My last blog post was about the colorful Gerewol (Gerewol) festival, a unique beauty contest where men from the Wodaabe tribe prettify themselves and dance for hours on end, hoping to be picked by Wodaabe women as a winner, and possibly a mate. Though my main purpose was to witness this festival, I also tried to get a sense of daily life for a Wodaabe, particularly for a woman. Not surprisingly, the answer is that life is HARD.
As I mentioned in my previous post, the Wodaabes are nomadic cattle herders, one of the few remaining nomadic groups worldwide. Nomadic herdsmen are always on the move as they depend entirely upon their herds of cattle for their existence. Sadly, however, this is a way of life that the Wodaabes may not be able to pursue much longer as many of their traditional grazing areas are now devoted to agriculture, making it harder for them to find pastures for their cattle. In the meantime, though, as it has been for hundreds of years, men are in charge of the beloved cattle, and women are in charge of, well, everything else.
As extended families of Wodaabes began arriving at the site of the festival and setting up camps, it became clear that women have enormous responsibilities. First, they must transport everything they own: pieces to put together their dwellings, mats, clothes, cooking utensils, children, newborn animals, and many large calabashes (and they have to be ready to do so frequently as the search for pastures and water may require them to move as often as every few weeks). Everything that cannot walk on its own goes on the back of a donkey or an ox.
After the chosen location is reached, donkeys are unloaded and it is time for the women to set up camp. Their main dwellings are table-like structures, called “wuros”, that can be dismantled and reassembled quickly. It basically consists of a few wood poles and two shelves. On the top shelf, the precious calabash gourds are displayed. Many of them have been beautifully carved and decorated and are the woman of the house’s pride. The second shelf is used to keep things that would be damaged if on the ground and is also where the babies sleep. The rest of the family sleeps next to the wuros on a tarp where other daily activities take place as well. An extended family has a few wuros next to one another in a specific order, starting with the one occupied by the elders.
Women are also responsible for feeding the family, so they milk the cows, the milk being their main source of food. Butter and “yogurt” are made from fresh milk by shaking a calabash for hours. Millet, a grain they typically get from bartering milk at the market, is another one of their staples. So, the women are often seen pounding millet, no doubt an exhausting task.
Women or girls are also responsible for getting water to the camp. So, they get set up daily with a donkey and a collection of yellow containers to fetch the water they need. I followed a group of young girls doing their water chores for a while amidst a lot of giggling and chatting on their part, probably wondering why I was going with them. It is also possible they were betting that I would not make it as it was too hot and too far, and if so, they were right. I abandoned them halfway to return and rest under a shady tree, which was not an option for them.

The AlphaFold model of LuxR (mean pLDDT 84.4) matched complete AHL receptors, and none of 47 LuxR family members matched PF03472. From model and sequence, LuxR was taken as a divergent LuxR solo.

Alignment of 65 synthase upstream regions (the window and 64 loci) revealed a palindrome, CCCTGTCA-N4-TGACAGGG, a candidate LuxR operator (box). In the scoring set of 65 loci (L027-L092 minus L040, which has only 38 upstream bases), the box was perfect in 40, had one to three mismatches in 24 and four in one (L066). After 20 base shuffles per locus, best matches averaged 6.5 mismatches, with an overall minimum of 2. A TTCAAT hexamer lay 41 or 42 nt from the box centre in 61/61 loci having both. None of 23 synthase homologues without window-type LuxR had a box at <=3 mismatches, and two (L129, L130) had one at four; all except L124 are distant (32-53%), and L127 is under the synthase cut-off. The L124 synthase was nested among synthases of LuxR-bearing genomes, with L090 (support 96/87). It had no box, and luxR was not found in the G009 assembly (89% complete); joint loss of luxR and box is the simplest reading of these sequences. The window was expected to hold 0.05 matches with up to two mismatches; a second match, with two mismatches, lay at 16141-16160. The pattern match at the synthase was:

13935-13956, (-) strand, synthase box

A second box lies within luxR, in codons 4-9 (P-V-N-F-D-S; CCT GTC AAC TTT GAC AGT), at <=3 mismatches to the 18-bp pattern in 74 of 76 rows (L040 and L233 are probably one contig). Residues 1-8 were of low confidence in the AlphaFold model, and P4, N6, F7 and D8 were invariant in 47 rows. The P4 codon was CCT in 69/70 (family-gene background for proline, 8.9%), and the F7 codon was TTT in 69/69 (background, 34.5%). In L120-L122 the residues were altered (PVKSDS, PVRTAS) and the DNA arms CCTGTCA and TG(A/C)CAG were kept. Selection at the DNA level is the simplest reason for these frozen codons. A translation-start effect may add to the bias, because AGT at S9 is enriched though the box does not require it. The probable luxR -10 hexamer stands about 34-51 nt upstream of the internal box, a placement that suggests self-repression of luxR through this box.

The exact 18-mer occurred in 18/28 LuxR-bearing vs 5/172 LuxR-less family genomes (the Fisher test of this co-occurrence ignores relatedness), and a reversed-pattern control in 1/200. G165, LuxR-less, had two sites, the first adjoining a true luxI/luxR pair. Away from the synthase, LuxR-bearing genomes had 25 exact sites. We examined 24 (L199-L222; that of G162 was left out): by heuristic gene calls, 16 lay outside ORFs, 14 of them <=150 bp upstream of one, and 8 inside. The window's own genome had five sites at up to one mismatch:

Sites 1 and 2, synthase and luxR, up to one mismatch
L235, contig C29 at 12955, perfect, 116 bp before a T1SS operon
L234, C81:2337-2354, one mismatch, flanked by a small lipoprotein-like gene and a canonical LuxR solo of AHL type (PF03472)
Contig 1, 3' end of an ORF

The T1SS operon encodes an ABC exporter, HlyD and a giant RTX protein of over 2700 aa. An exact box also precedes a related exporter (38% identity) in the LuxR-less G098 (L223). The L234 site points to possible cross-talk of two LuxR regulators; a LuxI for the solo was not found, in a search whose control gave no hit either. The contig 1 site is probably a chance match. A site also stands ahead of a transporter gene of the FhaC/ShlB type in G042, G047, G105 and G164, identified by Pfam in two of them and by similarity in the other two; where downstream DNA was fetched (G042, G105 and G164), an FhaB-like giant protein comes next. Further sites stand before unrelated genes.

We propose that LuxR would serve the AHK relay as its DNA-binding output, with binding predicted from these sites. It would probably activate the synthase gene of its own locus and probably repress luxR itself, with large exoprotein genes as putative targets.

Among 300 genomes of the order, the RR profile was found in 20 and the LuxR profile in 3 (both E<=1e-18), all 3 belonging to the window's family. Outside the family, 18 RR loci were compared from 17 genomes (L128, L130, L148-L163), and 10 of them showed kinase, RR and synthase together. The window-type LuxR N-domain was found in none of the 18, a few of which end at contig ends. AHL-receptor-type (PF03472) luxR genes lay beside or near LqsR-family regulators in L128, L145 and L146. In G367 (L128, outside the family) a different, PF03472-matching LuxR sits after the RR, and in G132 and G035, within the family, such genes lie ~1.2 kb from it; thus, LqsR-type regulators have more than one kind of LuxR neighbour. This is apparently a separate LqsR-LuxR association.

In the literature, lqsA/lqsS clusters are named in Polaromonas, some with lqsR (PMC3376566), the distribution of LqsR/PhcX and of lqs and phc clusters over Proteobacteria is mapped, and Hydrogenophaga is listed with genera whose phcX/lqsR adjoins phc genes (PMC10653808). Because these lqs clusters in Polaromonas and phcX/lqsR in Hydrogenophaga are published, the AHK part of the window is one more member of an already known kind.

Children help with all the chores and start doing them very early. Young girls help the women take care of younger children (which there are plenty of), and young boys cannot wait to be able to help herd the cattle. Boys typically begin this job at age seven and are very proud when they have reached that stage. They looked so comfortable around the big-horned zebu cattle; I, on the other hand, was keeping my distance.
As I said earlier, the men mostly spend time with the cattle, but they enjoy drinking tea which they generously share with guests. The Wodaabe are renowned for their knowledge of “maagani”, which are traditional remedies that cure illnesses and chase away evil spirits. Hence, men are often busy making “magical” potions on the fire. Another one of their responsibilities, which they take very seriously, is that they must be beautiful as they are responsible for attracting women. So even when men are not dancing at the festival, they pay great attention to their looks.
So yes, it is hard to be a Wodaabe, but it does not prevent them from being extremely kind and welcoming to strangers. The elders teach the young ones a set of values they have to live by (refer to as Pulaaku), among others, to be honest, patient, wise, respectful, and modest, and not to bring shame to themselves or the community. No doubt that they learned their lessons quite well. On the second day there, I dropped my cell phone on the ground without noticing it and moved on in the excitement of witnessing a dance. A young man came and asked the few foreigners there which one of us had dropped this phone so that he could return it to the right person.
The main lesson learned tough? and maybe an important one for the Holiday season is the fact that the Wodaabe’s entire belongings fit on the back of a donkey and quite frankly they look as happy as we do. Maybe something we can all reflect on.
Happy Holidays to All!
P.S. My visit with the Wodaabe was clearly too short to get to know them. For those who crave more, I found two fabulous books to be very informative. The first “Nomads of Niger” is by Carol Beckwith, the well-known photographer of African tribes co-authored with Marion van Offelen, an anthropologist. The second “Nomads who Cultivate Beauty” is by Mette Boivin, also an anthropologist.